Irish National Police Service Investigating an Asian Woman Being Pushed Into Royal Canal
August 16, 2020
Gardaí (Irish National Police Service) are investigating a viral video that showed a Chinese woman, now identified as Xuedan (Shelly) Xiong being pushed into the Royal Canal while walking near Ashtown in Dublin on Friday evening, August 14.
Xiong was walking between Castleknock and Ashtown around 7 pm when the first group of teenage boys shouted racial slurs at her and rushed her with their bikes. She felt they wanted to try to ram her into the canal. “I screamed and they laughed and then imitated my scream. They left me terrified.”
A few minutes later a second group of boys passed by. “One of them looked me straight in the eyes and said ‘coronavirus,’” Ms. Xiong stated to the Irish Times. “I didn’t say anything, I was stunned and they winked at each other.”
A third group of teenage boys, consisting of some boys from the previous encounter cycled back and started shouting “Chinese noodles” and “fried noodles” at Xiong. She ran after the boys until she caught up with the group, which now included some older teenagers.
“I told them it was racial discrimination to speak like that. I wasn’t frightened anymore, all I felt was anger. There were lots of lone women walking along the canal at that time but they targeted me. I think there’s a reason behind that.”
A video posted on TikTok showed two members of the group pushing Ms. Xiong into the canal. Earlier reports of the video surfacing from Snapchat were wrong, according to the Irish Times. The video on TikTok has since been removed.
Xiong was not physically injured from the incident and was able to swim her way back onto the trail. The boys ran off. Three people passing by stopped and helped Xiong while she called gardaí to report the incident.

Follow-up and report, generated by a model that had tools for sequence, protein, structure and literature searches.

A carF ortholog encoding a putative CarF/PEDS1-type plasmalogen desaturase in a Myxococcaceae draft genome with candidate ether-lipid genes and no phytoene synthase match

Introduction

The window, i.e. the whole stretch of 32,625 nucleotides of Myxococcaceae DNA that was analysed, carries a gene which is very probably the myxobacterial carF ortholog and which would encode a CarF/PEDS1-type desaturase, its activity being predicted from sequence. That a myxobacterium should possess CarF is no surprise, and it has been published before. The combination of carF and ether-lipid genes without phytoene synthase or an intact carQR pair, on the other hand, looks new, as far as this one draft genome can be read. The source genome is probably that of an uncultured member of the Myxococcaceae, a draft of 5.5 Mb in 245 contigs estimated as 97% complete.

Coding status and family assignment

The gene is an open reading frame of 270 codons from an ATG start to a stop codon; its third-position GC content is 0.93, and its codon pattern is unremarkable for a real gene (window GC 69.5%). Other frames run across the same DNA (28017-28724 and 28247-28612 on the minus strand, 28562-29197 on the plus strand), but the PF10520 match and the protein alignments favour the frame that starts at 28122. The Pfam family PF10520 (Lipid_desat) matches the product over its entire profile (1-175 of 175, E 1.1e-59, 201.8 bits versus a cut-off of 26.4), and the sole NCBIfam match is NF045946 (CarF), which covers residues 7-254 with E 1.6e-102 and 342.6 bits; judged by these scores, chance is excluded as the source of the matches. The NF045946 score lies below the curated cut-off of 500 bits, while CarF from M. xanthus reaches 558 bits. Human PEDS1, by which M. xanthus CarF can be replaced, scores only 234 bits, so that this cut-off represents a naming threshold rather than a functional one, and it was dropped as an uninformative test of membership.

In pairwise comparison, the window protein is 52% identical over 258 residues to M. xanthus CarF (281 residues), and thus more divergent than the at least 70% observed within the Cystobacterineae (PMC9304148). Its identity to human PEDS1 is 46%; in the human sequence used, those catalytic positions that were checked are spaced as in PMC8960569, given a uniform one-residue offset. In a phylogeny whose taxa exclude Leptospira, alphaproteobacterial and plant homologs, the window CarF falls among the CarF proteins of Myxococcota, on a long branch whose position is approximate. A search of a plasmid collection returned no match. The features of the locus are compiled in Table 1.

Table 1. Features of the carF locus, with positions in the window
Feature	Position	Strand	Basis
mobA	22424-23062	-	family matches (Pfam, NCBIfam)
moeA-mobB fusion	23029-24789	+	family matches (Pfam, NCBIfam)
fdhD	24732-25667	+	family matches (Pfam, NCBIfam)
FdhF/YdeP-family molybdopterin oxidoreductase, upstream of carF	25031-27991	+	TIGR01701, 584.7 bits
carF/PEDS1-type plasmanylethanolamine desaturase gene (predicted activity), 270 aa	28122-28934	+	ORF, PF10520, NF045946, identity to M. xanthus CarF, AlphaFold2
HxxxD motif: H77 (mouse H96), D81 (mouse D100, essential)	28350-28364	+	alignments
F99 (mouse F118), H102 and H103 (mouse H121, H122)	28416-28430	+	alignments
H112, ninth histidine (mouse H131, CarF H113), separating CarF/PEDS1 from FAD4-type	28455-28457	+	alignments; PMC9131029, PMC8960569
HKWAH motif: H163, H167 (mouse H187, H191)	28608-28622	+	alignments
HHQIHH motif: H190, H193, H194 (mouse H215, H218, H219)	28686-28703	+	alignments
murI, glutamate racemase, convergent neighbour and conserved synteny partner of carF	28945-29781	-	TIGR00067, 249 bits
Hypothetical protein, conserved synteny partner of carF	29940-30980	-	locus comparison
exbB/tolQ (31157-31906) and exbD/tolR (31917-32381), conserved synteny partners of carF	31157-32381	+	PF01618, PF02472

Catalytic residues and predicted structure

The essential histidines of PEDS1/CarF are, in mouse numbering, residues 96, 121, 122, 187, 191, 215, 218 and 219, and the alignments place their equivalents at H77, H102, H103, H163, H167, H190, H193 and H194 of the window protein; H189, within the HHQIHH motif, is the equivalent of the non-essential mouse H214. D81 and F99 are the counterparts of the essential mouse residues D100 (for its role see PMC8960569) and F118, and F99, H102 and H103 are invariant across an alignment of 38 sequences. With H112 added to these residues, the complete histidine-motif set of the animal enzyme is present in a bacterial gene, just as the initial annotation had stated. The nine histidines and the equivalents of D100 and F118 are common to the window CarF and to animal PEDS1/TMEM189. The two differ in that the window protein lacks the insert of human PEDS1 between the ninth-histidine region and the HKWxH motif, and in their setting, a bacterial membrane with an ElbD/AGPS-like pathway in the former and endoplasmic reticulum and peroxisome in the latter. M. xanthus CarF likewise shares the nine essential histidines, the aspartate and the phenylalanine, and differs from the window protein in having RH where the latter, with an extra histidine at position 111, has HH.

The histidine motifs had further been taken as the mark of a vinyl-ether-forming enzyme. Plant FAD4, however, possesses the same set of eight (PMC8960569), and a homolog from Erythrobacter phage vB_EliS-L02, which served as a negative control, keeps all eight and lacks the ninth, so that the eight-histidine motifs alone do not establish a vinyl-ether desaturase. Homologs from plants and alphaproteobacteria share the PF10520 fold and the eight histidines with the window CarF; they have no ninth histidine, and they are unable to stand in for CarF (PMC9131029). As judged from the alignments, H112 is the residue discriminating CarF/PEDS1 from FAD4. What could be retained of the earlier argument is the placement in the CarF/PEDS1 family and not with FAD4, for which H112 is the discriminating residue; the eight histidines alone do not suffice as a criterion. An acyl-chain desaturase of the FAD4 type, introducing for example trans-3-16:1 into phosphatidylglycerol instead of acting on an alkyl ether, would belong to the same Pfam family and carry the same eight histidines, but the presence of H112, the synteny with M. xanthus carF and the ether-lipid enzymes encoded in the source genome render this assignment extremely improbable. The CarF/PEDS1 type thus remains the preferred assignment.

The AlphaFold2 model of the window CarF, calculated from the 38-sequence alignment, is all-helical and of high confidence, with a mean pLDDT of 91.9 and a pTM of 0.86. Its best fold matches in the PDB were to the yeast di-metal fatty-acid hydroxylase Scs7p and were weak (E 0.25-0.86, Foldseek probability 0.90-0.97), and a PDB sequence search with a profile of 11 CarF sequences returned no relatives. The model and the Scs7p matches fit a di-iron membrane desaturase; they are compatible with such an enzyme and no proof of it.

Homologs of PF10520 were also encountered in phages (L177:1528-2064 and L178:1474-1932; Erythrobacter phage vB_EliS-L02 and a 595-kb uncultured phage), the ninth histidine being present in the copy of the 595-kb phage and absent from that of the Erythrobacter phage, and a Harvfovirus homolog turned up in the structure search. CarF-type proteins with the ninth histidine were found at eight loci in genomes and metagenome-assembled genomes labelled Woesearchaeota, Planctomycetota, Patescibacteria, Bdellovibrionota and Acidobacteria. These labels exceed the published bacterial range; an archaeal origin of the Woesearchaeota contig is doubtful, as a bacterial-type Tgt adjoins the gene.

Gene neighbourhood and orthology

“We could still see the group of young men, they were about 200 meters [650 ft.] away. Without those three kind of people who stopped I’m pretty sure they would have come back and pushed me again.”
Ms. Xiong waited around for 10 minutes for Garda to arrive but decided to go home and change clothes because she was soaking wet. She later went to the local station to make a formal report, however, gardaí told her it’s unlikely they’ll find the teenagers involved.
“The Garda asked if I had phone numbers for any witnesses. I had asked the people by the canal to be witnesses for when the Garda arrived but I didn’t think to ask for their numbers. I was too upset by what had happened. His question made me feel like I needed to have complete dossier prepared before reporting to the gardaí.
I understand the gardaí are busy because they’re under-resourced but I believe if I’d arrived in with a broken leg they would have treated me differently. I was still hurt. But he made it sound like nothing could be done,” Xiong explained.
The Irish Times was told by a Garda spokesman that an investigation of “an alleged racially motivated incident” was underway.
“An Garda Síochána takes hate crime seriously and each and every hate crime reported to us is professionally investigated and victims supported during the criminal justice process,” he stated, adding that gardaí were taking actions to “improve internal recording and encourage more reporting by the public.”
“The Garda Diversity and Integration Strategy 2019 – 2021 has a significant focus on enhancing the identification, reporting, investigation and prosecution of hate crimes,” he continued.
Unfortunately, racial abuse isn’t a new occurrence for Ms. Xiong who lived in Ireland for 14 years and has a 10-year-old son. She purposely avoids large teenage groups because she has suffered verbal abuse in the past. This time, however, Xiong decided to confront the abuse.